Inheritance tax is a fee you have to pay when someone dies and leaves their money or property. In the UK, it’s usually paid by the person who inherits the money or property, either as part of an arrangement with how they will be compensated for giving up their inheritance, to limit what they’ve inherited (i.e., if you inherit £100k but don’t want your income taxed heavily) – this is called an ‘inheritance exemption’.
How much is Inheritance Tax?
The amount of tax payable can vary depending on many factors such as:
- Whether it’s over £325000 from one source
- Amount left after deductions relating to costs like probate fees1 etc. are taken into account
- Whether you’re in the higher or lower tax bracket
How to avoid Inheritance Tax?
You can’t escape taxation altogether on your inheritance, but there are ways you might be able to lessen what’s payable. One option is if a spouse survives and inherits the money/property, and they don’t count as part of their spouse’s estate when they die.
The spouse would inherit the assets and not be liable for inheritance tax as it doesn’t form part of their estate.
If you’re self-employed, then setting up an appropriate trust could help reduce your liability to Inheritance Tax on any money left by a deceased parent or partner if applicable.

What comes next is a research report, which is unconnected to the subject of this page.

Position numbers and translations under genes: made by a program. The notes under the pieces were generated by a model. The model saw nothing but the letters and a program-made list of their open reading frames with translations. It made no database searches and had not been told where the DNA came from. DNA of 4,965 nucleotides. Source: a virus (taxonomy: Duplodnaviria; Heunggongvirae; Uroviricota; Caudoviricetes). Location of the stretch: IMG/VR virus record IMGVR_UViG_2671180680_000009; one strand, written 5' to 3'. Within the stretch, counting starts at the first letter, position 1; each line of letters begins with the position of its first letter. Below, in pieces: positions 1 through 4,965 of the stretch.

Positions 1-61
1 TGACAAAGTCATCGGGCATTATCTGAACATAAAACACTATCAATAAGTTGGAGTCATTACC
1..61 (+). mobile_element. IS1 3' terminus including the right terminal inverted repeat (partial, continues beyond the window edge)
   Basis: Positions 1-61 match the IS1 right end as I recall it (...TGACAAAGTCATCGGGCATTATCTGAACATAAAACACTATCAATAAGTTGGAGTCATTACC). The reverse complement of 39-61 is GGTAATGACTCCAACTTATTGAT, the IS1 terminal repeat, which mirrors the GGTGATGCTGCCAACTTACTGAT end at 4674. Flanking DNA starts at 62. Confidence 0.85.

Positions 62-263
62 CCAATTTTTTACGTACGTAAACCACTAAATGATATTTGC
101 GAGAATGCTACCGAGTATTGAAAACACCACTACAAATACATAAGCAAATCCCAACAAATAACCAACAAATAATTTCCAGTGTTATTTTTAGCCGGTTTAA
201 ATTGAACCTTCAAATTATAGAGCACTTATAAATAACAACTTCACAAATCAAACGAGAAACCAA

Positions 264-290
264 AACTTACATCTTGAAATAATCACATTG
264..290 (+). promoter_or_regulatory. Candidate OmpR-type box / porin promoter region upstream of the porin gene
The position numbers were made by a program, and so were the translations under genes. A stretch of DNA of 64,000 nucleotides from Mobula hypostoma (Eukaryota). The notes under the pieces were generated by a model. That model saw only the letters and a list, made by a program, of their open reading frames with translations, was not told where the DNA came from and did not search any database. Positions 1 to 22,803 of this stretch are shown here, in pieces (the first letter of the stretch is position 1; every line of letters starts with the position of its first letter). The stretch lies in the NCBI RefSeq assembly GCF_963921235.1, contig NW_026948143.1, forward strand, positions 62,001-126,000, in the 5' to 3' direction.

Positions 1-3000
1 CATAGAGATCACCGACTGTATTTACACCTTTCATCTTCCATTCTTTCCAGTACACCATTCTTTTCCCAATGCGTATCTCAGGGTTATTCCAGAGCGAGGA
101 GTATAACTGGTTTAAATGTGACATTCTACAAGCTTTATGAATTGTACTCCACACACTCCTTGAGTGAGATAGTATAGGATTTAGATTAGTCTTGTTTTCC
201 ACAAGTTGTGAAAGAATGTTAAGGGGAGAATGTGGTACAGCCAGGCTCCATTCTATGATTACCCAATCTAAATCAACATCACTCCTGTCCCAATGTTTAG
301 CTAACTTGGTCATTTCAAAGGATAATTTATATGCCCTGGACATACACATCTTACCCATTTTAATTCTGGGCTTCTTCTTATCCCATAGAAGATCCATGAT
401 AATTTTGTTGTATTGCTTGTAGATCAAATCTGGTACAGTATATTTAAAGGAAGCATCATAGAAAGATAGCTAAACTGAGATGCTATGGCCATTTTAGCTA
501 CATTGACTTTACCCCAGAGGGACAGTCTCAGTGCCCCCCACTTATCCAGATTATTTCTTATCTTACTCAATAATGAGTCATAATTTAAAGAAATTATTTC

How to value the estate
The value of the residence is assessed by looking at a few factors, including:
- The date on which you die – with an increase in inheritance tax payable for subsequent deaths.
- The value of your estate – including any property, cash and investments.
- Your existing liabilities, such as any mortgage or loans that need paying off from the proceeds of the sale of your assets.
Who pays Inheritance Tax?
The person who receives the inheritance pays Inheritance Tax. If you leave assets to your spouse in married couples, they will not pay tax on anything up to £325,000. However, if you would like them to inherit more than this amount, they may pay a higher tax rate.
When do you have to pay Inheritance Tax?
You don’t have to pay Inheritance tax if you die on or after your 75th birthday. If you are under 75, then inheritance tax is payable when someone dies, and their estate has a value over £325,000.
Inheritance Tax gifts, reliefs and exemptions
There are exemptions to Inheritance tax for some types of asset. For example, suppose you leave your property or business to a direct descendent (child or grandchild). In that case, there is no inheritance tax payable on the value of that estate until they die and pass it onto their children.
Couples in a civil partnership don’t have to pay inheritance tax as they are not recognised as spouses.
What happens when someone dies?
When someone dies, all assets in their name become part of their estate, which may include shares, stocks, savings bonds2, cars and bank accounts, and any real-estate properties owned by them like houses or flats. If the person leaves debts such as mortgages unpaid, then these will form part of the estate. The executor can pay off any outstanding mortgage before selling your home under certain circumstances, but the executor is not responsible for any other debts.